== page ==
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Obama pledges to work with governors on economy

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  • NEW: President-elect Barack Obama: Change not coming from Washington alone
  • NEW: Obama says he will look to governors to help craft economic recovery plan
  • Gov. Ed Rendell says governors want strong commitment to infrastructure
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(CNN) -- Plagued by rising unemployment, falling tax revenue and increased demand for state services, the nation's governors met with President-elect Barack Obama and Vice President-elect Joe Biden on Tuesday to press for federal money to ease their fiscal strain.

President-elect Barack Obama shakes hands with California Gov. Arnold Schwarzenegger on Tuesday.

President-elect Barack Obama shakes hands with California Gov. Arnold Schwarzenegger on Tuesday.

Obama and Biden told those at the National Governors Association meeting that the federal government needs to build a deeper relationship with the governors in order to put America on the path to long-term prosperity.

"Change is not going to come from Washington alone," Obama said.

"It's going to come from all of you. It will come from a White House and statehouses all across the country that are working together, and that's the kind of partnership I that I intend to forge as president of the United States," Obama said at the conference in Philadelphia, Pennsylvania. "I hope that this is the beginning of laying that foundation."

Obama said he wants the governors to help draft his economic plan instead of just helping to implement it. Video Watch Obama call for a partnership with governors »

"If we're listening to the governors, then the money that we spend is going to be well spent, and it means that it's going to get working faster and the people in your states are going to experience prosperity sooner," Obama said.

The national governors' meeting comes a day after the National Bureau of Economic Research officially declared the United States' economy to be in a recession.

The governors are asking the president-elect for federal money to help them get their states back on track.

Obama and congressional Democrats have pledged to pass an economic stimulus package when Obama takes office in January. House Democrats said Monday that they will push for an economic recovery package of up to $500 billion.

The governors want about $136 billion to use for what they call "ready-to-go projects," like water and sewer projects or building roads and bridges. They want another $40 billion to go toward Medicaid programs.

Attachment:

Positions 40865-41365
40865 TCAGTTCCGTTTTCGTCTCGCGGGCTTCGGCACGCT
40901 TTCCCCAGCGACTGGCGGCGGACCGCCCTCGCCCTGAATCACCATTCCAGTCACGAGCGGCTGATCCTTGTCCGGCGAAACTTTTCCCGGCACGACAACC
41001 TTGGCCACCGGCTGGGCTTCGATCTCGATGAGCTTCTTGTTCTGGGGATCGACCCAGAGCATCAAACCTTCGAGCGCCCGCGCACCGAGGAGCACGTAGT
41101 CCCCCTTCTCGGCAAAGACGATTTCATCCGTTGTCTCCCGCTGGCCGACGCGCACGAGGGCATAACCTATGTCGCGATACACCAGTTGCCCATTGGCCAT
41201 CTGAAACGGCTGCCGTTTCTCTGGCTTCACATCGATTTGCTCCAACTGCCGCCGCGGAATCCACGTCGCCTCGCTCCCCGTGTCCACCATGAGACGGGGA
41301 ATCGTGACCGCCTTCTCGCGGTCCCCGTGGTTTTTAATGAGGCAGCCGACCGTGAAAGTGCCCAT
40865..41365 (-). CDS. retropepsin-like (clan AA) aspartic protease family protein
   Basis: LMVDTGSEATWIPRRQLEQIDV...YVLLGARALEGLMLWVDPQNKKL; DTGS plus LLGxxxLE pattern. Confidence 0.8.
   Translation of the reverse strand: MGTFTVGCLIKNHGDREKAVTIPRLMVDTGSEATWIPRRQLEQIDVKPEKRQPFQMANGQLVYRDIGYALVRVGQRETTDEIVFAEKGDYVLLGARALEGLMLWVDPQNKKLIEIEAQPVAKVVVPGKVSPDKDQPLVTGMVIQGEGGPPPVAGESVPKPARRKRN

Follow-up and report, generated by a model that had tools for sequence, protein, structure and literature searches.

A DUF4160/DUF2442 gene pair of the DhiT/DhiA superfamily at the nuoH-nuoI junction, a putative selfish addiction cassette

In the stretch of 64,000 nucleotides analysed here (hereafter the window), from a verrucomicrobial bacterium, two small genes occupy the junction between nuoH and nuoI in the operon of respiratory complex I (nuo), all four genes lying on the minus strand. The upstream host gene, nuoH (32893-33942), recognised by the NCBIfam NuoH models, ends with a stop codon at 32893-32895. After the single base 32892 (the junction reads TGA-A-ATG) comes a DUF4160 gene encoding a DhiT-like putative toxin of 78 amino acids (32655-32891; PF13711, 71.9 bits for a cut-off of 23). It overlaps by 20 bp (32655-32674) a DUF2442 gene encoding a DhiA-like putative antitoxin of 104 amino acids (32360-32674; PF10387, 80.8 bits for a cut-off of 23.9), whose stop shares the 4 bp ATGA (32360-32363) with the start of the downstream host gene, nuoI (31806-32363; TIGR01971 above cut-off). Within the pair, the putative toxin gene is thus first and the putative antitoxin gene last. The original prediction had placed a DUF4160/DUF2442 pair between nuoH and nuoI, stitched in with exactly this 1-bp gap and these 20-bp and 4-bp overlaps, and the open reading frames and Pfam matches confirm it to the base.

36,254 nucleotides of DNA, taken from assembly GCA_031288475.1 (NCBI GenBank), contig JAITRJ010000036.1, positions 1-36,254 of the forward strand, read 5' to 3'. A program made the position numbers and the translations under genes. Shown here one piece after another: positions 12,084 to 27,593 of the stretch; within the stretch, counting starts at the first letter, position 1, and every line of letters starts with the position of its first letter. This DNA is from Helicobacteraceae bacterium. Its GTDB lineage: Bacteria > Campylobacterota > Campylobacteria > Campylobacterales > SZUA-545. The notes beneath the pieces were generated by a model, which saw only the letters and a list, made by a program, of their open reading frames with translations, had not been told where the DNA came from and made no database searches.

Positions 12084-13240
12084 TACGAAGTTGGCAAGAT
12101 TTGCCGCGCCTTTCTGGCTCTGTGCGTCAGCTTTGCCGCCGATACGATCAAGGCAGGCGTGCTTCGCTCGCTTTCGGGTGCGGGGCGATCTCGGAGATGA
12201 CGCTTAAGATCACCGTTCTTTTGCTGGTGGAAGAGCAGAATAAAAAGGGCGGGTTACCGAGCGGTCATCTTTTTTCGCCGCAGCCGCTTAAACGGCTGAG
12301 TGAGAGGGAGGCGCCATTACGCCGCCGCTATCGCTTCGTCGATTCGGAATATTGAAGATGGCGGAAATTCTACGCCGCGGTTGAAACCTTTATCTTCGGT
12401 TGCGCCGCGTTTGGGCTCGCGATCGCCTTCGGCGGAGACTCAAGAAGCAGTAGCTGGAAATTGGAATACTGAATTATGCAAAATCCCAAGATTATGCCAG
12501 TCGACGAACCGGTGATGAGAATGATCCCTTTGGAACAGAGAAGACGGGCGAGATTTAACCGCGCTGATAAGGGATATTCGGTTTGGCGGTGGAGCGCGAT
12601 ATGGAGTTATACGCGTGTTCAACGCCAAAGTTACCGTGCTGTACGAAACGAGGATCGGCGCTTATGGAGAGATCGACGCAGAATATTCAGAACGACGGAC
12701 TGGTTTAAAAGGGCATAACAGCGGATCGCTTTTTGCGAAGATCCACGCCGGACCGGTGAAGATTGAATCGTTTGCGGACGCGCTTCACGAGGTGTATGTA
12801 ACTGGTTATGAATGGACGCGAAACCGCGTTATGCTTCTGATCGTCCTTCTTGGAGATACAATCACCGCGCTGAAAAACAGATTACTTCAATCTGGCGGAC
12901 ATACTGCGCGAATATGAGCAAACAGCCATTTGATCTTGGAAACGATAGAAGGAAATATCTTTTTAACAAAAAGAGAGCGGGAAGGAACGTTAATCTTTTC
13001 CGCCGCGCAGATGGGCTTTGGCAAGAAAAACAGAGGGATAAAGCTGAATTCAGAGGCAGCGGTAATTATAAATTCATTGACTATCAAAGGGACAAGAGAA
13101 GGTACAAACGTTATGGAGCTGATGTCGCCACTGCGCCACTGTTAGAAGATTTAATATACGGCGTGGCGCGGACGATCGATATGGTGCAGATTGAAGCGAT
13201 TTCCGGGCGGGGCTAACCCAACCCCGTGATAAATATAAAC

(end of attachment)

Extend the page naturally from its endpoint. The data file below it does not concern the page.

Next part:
Pennsylvania Gov. Ed Rendell, who is chairman of the National Governors Association, says that for every $1 billion the states get from the federal government, the governors believe they can create 40,000 jobs.

"This is the best way to recharge the American economy," Rendell said Tuesday on CNN's "American Morning."

Rendell said the governors are going to ask for a strong commitment to infrastructure repair, including bridges, roads, highways and schools.

He said he hopes the federal government will also help the states with their Medicaid burden.

"When the economy is bad, the social service demands grow. When the economy is bad, people lose health care. And that means many of them come to the Medicaid system. And we need help in sharing that burden," he said at a news conference Monday. "By no means are we looking to the federal government to relieve us of that responsibility. We know first and foremost it's our responsibility. But we do need some help."

But not all governors support turning to the federal government for help. In an op-ed in The Wall Street Journal, Republican governors Mark Sanford of South Carolina and Rick Perry of Texas urged governors "from both sides of the political aisle to join with us in opposing further federal bailout intervention."

"The federal government is not only burying future generations under mountains of debt. It is also taking our country in a very dangerous direction -- toward a 'bailout mentality' where we look to government rather than ourselves for solutions," they wrote.

Rendell, however, disputed the notion that governors are after a bailout.


"Investing in the country's infrastructure, investing in renewable energy -- those aren't bailouts. These are things that actually produce jobs, unlike the bailouts that we've seen of Wall Street and of the banks, that don't produce one new job," he said.

"We're not coming to the president-elect and saying 'Help us' without having taken steps to help ourselves," he said.

CNN's Suzanne Malveaux and Kristi Keck contributed to this report.

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